Episodic does not translate for me as linear. It translates more as a scene or an event from a series of related scenes or events, the order flowing as best suits the story. In a short story, the episodes have to get us from point a to point b and are thus goal-directed. And, in a short story, more than one emotion is a distraction. This does not mean that characters cannot run the gamut; it refers to the feel of the piece, the feeling the reader is expected to take away from it. Just finished reading Rich Horton's compilation Science Fiction The Best of the Year, 2007 Edition. The least satisfying story in the collection was Robert Reed's A Billion Eyes because it violated this notion. I could not grasp what emotion Reed was after, the story took too many twists to make its point, which I am certain was ecologic and cautionary. But, it didn't grab me. Disappointing because I ususally enjoy Reed's stuff.

Hereford Eye
August 14th, 2007, 08:37 AM
"Theme: typically embedded in a single problem susceptible to a permanent, didactic solution."

I'm not sure if this is saying one problem with multiple themes or something else.
What he's saying is that children's lit, say fairy tales or picture books or something like that, typically deal with a single problem, the solution to which is a teaching point. What I'm saying is that a short story works best with a single theme, what you might say is the point of the story. Writing a story, the author always has a POV of what the story is about. A short story that wants to be about the glass ceiling and the intricacies of Tiger Woods' golf swing is taking on more than it can chew.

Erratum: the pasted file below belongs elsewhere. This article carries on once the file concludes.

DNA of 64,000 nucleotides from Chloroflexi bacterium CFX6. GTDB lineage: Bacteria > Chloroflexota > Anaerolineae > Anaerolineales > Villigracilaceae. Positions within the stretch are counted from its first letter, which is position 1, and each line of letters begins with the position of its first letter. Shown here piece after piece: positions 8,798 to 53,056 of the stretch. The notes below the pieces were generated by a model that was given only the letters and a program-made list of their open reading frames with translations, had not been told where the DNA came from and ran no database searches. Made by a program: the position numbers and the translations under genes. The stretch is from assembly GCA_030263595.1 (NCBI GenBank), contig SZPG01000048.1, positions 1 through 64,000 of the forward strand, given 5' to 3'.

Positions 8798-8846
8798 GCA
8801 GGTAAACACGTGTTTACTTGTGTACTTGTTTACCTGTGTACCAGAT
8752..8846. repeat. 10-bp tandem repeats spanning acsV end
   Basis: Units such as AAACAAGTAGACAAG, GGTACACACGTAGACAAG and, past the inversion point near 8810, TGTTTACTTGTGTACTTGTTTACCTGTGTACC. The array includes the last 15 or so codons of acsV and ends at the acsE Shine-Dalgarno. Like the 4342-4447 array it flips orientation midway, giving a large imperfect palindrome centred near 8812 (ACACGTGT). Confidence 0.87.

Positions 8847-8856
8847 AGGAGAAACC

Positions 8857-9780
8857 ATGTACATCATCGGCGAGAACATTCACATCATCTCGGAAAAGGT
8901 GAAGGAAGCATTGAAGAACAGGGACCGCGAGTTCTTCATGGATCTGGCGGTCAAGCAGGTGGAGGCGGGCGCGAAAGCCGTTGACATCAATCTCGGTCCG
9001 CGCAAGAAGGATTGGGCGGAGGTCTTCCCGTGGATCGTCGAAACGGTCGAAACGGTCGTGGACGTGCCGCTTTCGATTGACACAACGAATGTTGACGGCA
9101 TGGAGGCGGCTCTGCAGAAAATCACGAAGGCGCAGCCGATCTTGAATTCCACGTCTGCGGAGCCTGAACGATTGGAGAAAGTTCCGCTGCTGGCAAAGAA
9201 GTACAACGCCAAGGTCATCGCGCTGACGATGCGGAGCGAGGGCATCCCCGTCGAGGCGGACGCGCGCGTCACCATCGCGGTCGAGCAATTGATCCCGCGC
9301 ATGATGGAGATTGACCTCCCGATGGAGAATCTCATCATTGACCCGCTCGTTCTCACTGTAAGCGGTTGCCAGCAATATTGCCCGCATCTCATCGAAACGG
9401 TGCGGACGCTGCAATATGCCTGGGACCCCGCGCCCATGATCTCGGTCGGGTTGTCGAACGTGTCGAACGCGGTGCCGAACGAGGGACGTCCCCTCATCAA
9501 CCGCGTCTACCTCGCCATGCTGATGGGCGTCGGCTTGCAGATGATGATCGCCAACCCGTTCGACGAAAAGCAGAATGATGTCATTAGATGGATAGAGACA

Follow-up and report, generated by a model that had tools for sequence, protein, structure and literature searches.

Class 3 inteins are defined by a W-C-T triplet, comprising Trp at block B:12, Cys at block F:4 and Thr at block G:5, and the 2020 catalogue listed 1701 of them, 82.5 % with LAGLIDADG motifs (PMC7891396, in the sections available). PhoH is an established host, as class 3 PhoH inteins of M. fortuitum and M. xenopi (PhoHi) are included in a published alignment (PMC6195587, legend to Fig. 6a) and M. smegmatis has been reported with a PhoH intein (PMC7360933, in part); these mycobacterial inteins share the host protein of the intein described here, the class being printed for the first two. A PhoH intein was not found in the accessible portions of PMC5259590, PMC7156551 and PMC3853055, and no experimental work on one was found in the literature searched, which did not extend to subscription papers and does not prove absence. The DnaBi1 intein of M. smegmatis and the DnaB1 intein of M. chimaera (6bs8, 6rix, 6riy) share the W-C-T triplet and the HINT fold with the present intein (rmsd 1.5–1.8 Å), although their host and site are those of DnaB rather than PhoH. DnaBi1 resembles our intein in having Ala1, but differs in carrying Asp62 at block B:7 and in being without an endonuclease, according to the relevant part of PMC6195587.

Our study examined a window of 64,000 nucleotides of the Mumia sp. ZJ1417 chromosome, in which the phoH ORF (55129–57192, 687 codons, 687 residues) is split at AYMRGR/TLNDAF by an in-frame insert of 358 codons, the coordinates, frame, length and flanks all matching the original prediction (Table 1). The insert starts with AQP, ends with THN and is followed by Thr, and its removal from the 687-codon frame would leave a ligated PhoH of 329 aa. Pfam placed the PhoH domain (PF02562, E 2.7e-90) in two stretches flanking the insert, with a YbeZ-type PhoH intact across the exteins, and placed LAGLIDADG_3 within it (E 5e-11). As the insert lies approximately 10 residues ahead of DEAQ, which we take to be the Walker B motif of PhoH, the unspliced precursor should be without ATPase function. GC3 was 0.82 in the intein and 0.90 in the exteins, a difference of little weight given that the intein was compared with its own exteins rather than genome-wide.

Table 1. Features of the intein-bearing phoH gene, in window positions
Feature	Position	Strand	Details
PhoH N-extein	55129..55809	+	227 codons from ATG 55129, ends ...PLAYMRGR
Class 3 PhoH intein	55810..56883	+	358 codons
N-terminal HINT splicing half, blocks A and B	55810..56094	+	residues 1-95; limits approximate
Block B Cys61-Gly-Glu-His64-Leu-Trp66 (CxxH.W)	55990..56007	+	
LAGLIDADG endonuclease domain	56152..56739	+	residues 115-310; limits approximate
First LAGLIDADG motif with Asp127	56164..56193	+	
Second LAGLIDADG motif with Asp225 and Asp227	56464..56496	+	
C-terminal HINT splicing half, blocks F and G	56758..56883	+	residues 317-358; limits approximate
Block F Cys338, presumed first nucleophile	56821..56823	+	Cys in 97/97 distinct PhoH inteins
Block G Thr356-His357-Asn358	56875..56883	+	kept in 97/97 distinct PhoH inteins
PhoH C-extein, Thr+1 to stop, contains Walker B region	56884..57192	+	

As far as the didactic bit goes, rather than re-key it, I'll simply refer back to my post on plot. Everything I addressed there about learning applies here.

KatG
August 14th, 2007, 10:56 AM
Well then, that's a little clearer. And hopefully of use to you, though as I said before, I don't think you really need any help in the short story department.

But if you're suggesting that I follow the same "should's" in my writing, I will, as you know, tell you to stuff it. :) When it comes to writing fiction, ideas that narrow a writer's options instead of widening them are not of much interest to me.